Gloria Guevara, president and CEO of the World Travel & Tourism Council, details three steps governments must take to protect travel and tourism.
The travel and tourism sector is in a fight for its survival. Borders have closed. Skies have cleared. And hotels have closed their doors.
These are extraordinary measures to combat an extraordinary virus. The travel industry has faced the threat of pandemics before. From the SARS outbreak in 2002 to Ebola just a few years ago, I have sobering first-hand experience of how devastating their effects can be.
As former tourism minister for Mexico, I was closely involved in the country’s recovery effort following the H1N1 influenza outbreak in 2009. The global economic impact cost our industry an estimated US$55 billion, with the Mexican tourism industry suffering a $5 billion loss.
But the travel sector’s proven track record of resilience, to bounce back in times of crisis, has improved significantly in recent years. World Travel & Tourism Council (WTTC) analysis shows that between 2001 and 2018 the average recovery time from crises fell from 26 to ten months. Important lessons have been learned from previous pandemics, most crucially the need for public- and private-sector collaboration.
Indeed, I’ve been humbled by WTTC members and their dedicated employees going the extra mile to provide help under these difficult circumstances. The entire travel community has banded together to face the biggest global challenge in a generation. In the UK, furloughed cabin crew at TUI and British Airways came to the aid of the NHS, relieving key workers to free up their time to fight on the front line.
Across the Atlantic, hotel giant Hilton teamed up with American Express to offer free rooms to more than one million healthcare professionals fighting the pandemic. Meanwhile, Carnival, the world’s largest cruise operator, offered up ships as floating hospitals to treat patients suffering from less-critical, non-Covid-19 related conditions.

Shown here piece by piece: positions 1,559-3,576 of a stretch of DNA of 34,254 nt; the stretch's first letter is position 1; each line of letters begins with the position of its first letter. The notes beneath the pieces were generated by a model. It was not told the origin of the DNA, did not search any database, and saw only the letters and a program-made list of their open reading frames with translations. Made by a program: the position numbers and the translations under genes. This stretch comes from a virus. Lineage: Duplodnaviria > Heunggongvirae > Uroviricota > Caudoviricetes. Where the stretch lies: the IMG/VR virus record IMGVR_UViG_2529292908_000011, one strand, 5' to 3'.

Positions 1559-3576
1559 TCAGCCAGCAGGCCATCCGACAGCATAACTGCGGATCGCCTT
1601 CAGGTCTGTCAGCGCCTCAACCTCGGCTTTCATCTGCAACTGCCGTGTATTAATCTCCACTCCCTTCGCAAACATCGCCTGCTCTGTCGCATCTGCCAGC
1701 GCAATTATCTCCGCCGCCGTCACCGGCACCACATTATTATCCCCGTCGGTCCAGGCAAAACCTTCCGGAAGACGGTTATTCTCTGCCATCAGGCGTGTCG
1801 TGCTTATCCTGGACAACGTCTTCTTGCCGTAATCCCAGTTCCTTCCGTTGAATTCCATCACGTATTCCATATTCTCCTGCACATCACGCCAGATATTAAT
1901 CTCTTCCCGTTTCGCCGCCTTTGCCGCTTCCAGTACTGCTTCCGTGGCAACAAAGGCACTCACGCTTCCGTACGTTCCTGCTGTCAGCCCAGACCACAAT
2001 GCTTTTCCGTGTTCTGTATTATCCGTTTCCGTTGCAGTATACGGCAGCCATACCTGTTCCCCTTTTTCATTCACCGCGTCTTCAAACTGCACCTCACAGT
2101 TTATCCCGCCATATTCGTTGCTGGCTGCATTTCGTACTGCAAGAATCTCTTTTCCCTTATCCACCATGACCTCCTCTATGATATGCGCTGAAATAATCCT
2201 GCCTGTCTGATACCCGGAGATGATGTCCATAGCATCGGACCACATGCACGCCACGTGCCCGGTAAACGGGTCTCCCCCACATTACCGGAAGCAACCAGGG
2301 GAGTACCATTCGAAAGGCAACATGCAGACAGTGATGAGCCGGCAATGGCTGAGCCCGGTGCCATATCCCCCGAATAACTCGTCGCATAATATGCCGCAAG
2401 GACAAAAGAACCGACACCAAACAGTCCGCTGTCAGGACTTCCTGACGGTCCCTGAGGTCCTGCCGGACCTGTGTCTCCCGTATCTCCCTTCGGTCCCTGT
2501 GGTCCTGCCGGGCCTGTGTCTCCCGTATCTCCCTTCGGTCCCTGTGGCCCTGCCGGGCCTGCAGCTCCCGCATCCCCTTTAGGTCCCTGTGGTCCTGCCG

From global multinationals to SMEs, there are so many examples of kindness. This spirit of generosity shows just how incredible our people are at using their skills to help others. But travel and tourism itself cannot survive unaided. Covid-19 represents an unparalleled threat to the global economy, demanding an urgent response. That’s why WTTC called upon governments around the world, on behalf of the entire sector, to take three immediate measures to safeguard the future of travel.
Firstly, to waive or defer all duty and taxes, which add unnecessary expense, and introduce flexible refund policies that protect travel agencies and future bookings. Secondly, for governments to extend unlimited interest-free loans to millions of businesses, large and small, as a stimulus to prevent them from collapse. And thirdly, grant financial help to workers who are facing severe economic pressures or unable to work. Travel, in particular, may require this support longer than other sectors.
With a million jobs lost in travel and tourism in the UK alone, and up to 75 million at risk globally, this support must be immediate and unwavering. Any delay risks not only irreparable short-term damage but also hampers the global recovery effort.
Our 2020 Economic Impact report underscores the critical role travel and tourism will play in kick-starting the UK economy once lockdown measures have been lifted.
WTTC analysis shows travel and tourism was responsible for almost four million jobs in the UK in 2019 – 11 per cent of the country’s total workforce. Travel and tourism also generated nearly £200 billion in GDP, equating to nine per cent of the UK economy, which grew 1.3 per cent last year.
This huge contribution is why it is imperative that critical measures are put in place to protect this essential, job-creating sector. Wanderlust hasn’t faded. Nor has the unceasing capacity of the travel and tourism sector to go the extra mile.
And we are certain that the desire to travel will be stronger than ever post Covid-19. Our travel experts and particularly travel agencies will play a vital role as trusted advisers to lead the bounceback of our sector.
We will get through this. But the travel sector needs an unprecedented level of support for an unprecedented crisis – not only to ensure its immediate survival, but to unlock the potential of travel and tourism to power the fastest possible recovery.